by Miata on June 3rd, 2016
Recently, I was reading about Elon Musk – the business magnate, engineer, and investor – involved in a number of amazing creations. (Tesla, Space X, Hyperloop, SolarCity are just a few.) At first, I thought, “Goodness! He’s an incredibly creative guy!”
Then I realized that in a real sense, this entrepreneur is also an artist… He just creates his “art” in a way that emphasizes the business aspects.
That made me think that flipping the discussion might be fun. What would happen if as artists, we treated our financial lives like we were business owners?
How It Would Work
Examining your financial life as if it’s a business and you’re an entrepreneur, causes a noticeable attitude shift. Instead of thinking, “Maybe I’ll save a little money here or there down the line,” we ask “How do I start saving NOW?” If the answer is “It’s impossible,” then looking at your money like a business leads you to the next logical question: “How do I speed up the process?”
You are reframing financial planning in a way that makes it fresh, exciting, and empowering.
Here Are Some Ways Good CEOs Handle Their Own Money
They Use Good Tools – Where do you have your checking account? Does your bank offer all of the features you need to be successful? Do you even know what tools are available at your bank?
If your bank can offer you a Swiss army knife full of features, you’re all set. However, some people pay unnecessary fees and put up with banking practices that sorely need updating. As an example, if you’re paid via check, does your bank have a mobile app that allows you to take a photo and automatically deposit your earnings? LOTS of banks now offer this feature, so all that’s standing in the way of this massive time saver is changing institutions.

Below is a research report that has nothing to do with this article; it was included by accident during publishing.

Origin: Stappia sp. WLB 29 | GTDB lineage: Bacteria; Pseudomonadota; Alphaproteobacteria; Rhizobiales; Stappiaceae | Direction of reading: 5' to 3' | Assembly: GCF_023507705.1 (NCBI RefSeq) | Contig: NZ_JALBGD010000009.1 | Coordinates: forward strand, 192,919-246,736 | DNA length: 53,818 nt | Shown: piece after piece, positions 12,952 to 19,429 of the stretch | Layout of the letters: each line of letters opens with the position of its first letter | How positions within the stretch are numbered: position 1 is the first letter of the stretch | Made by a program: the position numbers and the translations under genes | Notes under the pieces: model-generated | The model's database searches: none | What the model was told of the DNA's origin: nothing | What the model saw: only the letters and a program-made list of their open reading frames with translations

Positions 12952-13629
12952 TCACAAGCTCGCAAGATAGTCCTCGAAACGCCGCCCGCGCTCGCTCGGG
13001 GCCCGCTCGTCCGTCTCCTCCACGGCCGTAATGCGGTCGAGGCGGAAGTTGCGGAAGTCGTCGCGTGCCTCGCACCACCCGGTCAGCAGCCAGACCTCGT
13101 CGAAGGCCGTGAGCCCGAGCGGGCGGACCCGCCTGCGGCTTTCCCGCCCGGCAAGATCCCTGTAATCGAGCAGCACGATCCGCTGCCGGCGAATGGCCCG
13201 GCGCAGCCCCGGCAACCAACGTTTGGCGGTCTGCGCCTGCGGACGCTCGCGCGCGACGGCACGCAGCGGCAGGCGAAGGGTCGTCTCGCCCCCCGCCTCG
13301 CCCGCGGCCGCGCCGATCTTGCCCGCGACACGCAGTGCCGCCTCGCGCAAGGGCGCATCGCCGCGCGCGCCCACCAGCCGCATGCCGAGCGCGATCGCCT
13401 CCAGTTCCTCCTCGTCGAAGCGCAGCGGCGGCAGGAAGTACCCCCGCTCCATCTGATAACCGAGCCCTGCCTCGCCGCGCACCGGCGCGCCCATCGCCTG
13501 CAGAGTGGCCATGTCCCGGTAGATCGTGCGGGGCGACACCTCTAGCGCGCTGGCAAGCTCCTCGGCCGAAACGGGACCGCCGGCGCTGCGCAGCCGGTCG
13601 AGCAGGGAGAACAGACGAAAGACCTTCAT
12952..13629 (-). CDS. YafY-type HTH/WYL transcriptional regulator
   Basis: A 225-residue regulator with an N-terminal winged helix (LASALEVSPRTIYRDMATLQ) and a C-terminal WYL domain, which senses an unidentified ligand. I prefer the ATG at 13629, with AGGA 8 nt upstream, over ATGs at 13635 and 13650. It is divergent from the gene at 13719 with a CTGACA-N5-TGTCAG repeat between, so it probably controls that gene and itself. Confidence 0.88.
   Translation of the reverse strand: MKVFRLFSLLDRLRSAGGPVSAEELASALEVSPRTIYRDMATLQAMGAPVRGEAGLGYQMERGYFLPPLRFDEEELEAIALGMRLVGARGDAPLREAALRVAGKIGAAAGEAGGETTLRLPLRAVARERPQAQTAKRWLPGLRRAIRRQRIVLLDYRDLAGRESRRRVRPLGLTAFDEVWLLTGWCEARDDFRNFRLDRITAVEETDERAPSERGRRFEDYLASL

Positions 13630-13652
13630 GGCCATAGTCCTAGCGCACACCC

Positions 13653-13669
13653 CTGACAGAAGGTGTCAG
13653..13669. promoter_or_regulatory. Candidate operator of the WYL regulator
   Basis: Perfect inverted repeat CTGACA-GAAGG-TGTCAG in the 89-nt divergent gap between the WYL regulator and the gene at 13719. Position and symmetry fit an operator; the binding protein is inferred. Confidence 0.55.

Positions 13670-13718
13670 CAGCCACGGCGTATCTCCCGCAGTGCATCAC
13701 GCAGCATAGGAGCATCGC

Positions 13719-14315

Other questions you should ask… Do you have a savings account that pays decent interest? Is your investment account using low-fee options? Are your paid advisors actually giving you good advice?
They Systematize – CEOs know that they’re too busy to investigate everything all the time. The company is successful when they keep their eye on the prize. In this case, the prize is accomplishing your craft. So, ask yourself: Is your savings automated? Are you paying at least the minimum on your credit cards automatically so you avoid unnecessary fees and dings on your credit report? On a more advanced level, do you automatically receive spending reports each week? Apps and tools exist (many free) that accomplish all of these things. A friend recently said to me that she wanted to make good money decisions as often as possible. I try to look at it a little bit differently. I want to make FEW money decisions, and the ones I make I want to be BIG decisions. I automate everything else so that good decisions are made for me.